Half as Long and Twice as Dull: The ACT Party and David Seymour

After previously examining the big four of NZ politics we now turn our eye to the first of the lesser denizens of the swamp called parliament and look at one species of creature soon to be extinct. Also apologies for the length, I swear I try and keep them short.

If there was a time when ACT was a genuine political party, those days are past. In the late 90s and early 2000s ACT could indeed claim to be a such a thing as it polled respectably and had yet to be tainted by the scandals, squabbling and power struggles which have now left it dead in the polls and relevant only because the Auckland electorate of Epsom has developed a rather strange fetish for it.

The fact that the party has visibly withered in the last decade is almost entirely down to its own deceitful actions and the fact that it’s championing of the neo-liberal agenda and as a mouthpiece for the ultra-rich and corporate entities has gone from distasteful to downright loathsome.

The question that always interested me was in trying to figure out if ACT really believed the gibberish it was spouting or if they were just happy being mouthpieces for one of the most vile ideologies of our time; that of a happy return to feudalism under corporate masters rather than blue bloods.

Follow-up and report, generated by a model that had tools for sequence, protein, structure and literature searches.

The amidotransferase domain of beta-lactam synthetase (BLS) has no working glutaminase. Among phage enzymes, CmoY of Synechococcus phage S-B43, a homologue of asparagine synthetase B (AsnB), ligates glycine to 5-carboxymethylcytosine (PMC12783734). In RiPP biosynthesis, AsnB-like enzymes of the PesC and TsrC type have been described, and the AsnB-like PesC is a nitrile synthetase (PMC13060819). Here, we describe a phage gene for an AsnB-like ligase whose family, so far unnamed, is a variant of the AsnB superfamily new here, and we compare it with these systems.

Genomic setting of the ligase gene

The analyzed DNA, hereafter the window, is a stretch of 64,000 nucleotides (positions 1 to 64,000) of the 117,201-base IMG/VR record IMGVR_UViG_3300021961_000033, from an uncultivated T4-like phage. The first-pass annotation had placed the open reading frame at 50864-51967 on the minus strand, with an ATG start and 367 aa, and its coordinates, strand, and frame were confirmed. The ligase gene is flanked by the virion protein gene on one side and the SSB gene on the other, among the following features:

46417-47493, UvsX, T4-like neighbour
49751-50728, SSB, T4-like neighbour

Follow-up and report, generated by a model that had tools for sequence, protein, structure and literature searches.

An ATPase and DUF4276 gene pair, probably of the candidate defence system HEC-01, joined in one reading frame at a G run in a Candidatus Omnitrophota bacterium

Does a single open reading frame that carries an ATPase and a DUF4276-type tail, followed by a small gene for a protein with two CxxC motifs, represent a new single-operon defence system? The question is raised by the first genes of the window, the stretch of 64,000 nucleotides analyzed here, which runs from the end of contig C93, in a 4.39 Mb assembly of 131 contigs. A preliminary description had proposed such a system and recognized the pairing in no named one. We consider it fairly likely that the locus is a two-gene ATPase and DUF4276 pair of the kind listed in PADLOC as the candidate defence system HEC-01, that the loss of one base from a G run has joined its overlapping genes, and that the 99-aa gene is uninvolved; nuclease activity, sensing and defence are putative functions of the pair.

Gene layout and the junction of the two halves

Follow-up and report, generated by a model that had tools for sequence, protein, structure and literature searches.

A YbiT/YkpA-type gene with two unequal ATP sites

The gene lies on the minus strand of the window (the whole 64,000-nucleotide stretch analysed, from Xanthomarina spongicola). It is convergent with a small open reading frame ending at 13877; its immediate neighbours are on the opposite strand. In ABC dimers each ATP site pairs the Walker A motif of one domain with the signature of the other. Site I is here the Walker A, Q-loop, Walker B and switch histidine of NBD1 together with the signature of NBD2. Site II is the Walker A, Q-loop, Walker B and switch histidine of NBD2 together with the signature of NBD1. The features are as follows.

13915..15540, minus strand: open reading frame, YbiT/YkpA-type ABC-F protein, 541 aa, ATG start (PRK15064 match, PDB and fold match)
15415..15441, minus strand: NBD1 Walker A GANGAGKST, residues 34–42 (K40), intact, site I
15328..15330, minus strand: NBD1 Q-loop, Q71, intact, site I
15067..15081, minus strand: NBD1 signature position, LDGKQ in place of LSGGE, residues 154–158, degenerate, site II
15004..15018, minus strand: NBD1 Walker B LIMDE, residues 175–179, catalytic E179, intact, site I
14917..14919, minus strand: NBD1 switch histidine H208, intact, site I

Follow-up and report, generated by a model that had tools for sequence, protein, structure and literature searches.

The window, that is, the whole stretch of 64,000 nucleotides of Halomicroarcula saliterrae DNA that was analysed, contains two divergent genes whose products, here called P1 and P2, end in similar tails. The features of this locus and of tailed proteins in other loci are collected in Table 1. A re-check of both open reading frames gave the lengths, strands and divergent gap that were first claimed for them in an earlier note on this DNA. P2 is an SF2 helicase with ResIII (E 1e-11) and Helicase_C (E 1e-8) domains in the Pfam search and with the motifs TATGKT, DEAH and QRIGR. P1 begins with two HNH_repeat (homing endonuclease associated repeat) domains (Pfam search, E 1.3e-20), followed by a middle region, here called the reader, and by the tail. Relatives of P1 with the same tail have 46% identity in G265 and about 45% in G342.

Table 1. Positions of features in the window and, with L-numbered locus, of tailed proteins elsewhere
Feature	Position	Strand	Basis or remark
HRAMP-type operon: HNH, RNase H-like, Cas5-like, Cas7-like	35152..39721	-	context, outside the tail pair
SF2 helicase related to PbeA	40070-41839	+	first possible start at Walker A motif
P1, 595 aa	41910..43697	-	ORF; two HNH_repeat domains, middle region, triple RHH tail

In the 90s the party happily spouted Business Roundtable platitudes while supporting the National government but it also could claim some degree of moral ground under “perk buster” Rodney Hide (who was later busted for abusing the very same system of parliamentary perks and privilege that he had hypocritically been railing against) and having some theoretical pedigree by claiming it was championing individual rights and freedoms.

Today it polls about as popular as a party of pedophiles and its theoretical and political base is worm ridden and compromised (in fact given it currently polls around the 1% mark I see no irony in recognizing the fact that it is has always represented the interests of the 1%). But between 1996 and 2002 it rode high in the polls as part of those heady days of early MMP with a respectable 7%.

The fact that that most of that 7% could be ascribed to the more right wing elements of the National party fleeing in the wake of Nationals dismal results in 1999 and 2002 may have escaped ACT’s attention but despite these high poll results it was never a part of the Labour Government under Helen Clark between 1999 and 2008 (I wonder why?).